We knew this time was coming, but now it’s here: Call it the crossover point, when technologies like large-scale wind and solar come so far down the cost curve that they become cheaper than legacy sources of electric power generation. Cheaper than the old alternatives, in terms of making new investments. Cheaper, even, than keeping old power plants going, in some cases. And that time is now. You can see it in the latest estimates of lifetime costs of electricity from new power sources made by investment bank Lazard, and you can see it in the latest purchases of renewable power by utilities. Any way you look at it, advanced energy is winning.
Falling costs of advanced energy technologies and innovations in energy service solutions are changing the way we produce, manage, and use energy. Driving this trend are several factors. Many advanced energy technologies have performance characteristics that allow them to provide valuable services that improve grid performance and reliability and reduce operational risk. Add to that intensifying environmental concerns, the increasing sophistication of many energy customers (sometimes referred to as “prosumers”), and commercial and industrial customers desiring to make their own decisions about what kind of energy to buy. The result is a maturing advanced energy market featuring technologies such as wind, solar, and storage that are now competing with traditional energy resources on the basis of cost, even without subsidies.
This is borne out in the latest report from the world’s largest independent investment bank, Lazard, in their annual levelized cost of energy (LCOE) analysis.
First, let’s explain what LCOE means. LCOE measures the average cost of electricity over the life of a project, including the costs of capital, operations and maintenance, fuel, and financing. In short, LCOE is the most basic indicator of power technology competitiveness over its useful life.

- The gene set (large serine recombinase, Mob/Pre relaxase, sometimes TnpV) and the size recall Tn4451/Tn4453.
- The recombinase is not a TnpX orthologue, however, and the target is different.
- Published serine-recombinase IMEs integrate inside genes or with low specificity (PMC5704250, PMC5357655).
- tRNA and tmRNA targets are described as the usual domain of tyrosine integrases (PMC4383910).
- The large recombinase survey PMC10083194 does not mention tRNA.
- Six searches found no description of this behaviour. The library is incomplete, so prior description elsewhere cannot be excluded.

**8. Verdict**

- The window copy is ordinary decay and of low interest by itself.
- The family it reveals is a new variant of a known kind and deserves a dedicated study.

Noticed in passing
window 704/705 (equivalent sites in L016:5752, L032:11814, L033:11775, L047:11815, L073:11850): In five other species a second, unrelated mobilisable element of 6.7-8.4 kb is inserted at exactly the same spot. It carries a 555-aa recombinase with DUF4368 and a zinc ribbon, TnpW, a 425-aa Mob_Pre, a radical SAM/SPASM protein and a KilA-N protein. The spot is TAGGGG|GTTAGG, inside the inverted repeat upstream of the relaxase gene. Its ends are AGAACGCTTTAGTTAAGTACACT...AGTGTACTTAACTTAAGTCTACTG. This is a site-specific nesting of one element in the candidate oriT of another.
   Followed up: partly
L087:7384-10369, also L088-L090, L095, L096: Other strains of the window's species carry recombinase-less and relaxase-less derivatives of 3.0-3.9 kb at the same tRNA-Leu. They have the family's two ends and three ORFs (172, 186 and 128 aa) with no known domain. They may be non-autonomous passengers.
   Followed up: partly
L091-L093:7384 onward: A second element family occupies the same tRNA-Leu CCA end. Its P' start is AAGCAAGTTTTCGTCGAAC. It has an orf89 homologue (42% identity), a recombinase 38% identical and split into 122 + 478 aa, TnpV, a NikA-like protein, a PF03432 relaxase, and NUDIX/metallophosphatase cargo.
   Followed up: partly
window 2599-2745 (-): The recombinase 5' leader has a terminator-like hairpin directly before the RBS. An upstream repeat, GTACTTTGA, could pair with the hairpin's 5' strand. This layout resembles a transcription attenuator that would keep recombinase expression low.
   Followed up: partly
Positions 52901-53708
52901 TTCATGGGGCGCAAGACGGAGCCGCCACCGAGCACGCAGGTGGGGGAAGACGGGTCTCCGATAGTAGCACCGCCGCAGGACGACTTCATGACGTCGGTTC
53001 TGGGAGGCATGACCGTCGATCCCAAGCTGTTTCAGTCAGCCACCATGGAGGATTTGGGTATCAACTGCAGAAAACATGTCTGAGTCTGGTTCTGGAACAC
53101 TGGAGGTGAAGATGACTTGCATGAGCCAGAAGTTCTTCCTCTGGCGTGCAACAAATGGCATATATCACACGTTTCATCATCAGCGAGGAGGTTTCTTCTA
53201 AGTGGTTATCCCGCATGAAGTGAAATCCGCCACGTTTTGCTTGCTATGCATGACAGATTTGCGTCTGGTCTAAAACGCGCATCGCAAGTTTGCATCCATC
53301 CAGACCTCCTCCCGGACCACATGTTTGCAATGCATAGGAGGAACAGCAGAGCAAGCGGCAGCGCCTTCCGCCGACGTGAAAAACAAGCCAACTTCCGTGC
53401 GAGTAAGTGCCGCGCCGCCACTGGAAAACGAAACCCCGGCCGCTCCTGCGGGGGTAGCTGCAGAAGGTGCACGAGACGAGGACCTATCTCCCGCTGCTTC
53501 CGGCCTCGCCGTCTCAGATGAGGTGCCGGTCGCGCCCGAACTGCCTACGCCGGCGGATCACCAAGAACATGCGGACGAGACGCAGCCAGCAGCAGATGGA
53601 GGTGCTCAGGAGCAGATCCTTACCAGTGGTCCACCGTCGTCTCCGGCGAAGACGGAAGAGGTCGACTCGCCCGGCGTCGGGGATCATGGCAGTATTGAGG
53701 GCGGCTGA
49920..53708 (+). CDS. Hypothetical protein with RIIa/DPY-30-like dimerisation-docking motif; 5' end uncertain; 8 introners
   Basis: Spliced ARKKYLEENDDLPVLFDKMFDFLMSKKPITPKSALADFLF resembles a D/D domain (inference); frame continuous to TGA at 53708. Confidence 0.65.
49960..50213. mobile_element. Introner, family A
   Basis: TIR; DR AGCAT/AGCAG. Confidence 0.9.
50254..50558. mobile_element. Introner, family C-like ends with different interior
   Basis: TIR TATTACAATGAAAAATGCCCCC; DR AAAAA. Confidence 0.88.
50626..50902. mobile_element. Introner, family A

Lazard’s latest LCOE numbers were released on November 8 and are shown in the graph below. They show the continuation of a multi-year trend of falling costs for renewable energy technologies. The mean LCOE of large-scale solar PV came down 13% from last year and has fallen 88% since 2009, putting the average cost between $36 to $44 per MWh, without subsidies. The mean LCOE of onshore wind declined an additional 7% from last year and is down 69% since 2009, putting the average unsubsidized cost between $29 and $56 per MWh. With the cost of coal-fired energy coming in at $60 to $143 per MWh and natural gas combined cycle coming in at $41 to $74 per MWh, the data shows that these renewable energy technologies are competitive resources in today’s marketplace.
Costs have fallen so sharply that the LCOEs for new renewable resources are now at or below the marginal costs of some operating traditional generating resources such as coal and nuclear plants. This reality is only bolstered by factoring in federal incentives such as the production tax credit (PTC - used mainly by wind projects) and investment tax credit (ITC - used mainly by solar projects), which are currently in place but beginning to phase out. Taking these into consideration, the low end LCOE of new wind and solar are $14 and $32 per MWh respectively. By comparison, the average operating marginal cost of a fully depreciated coal plant is $36 per MWh.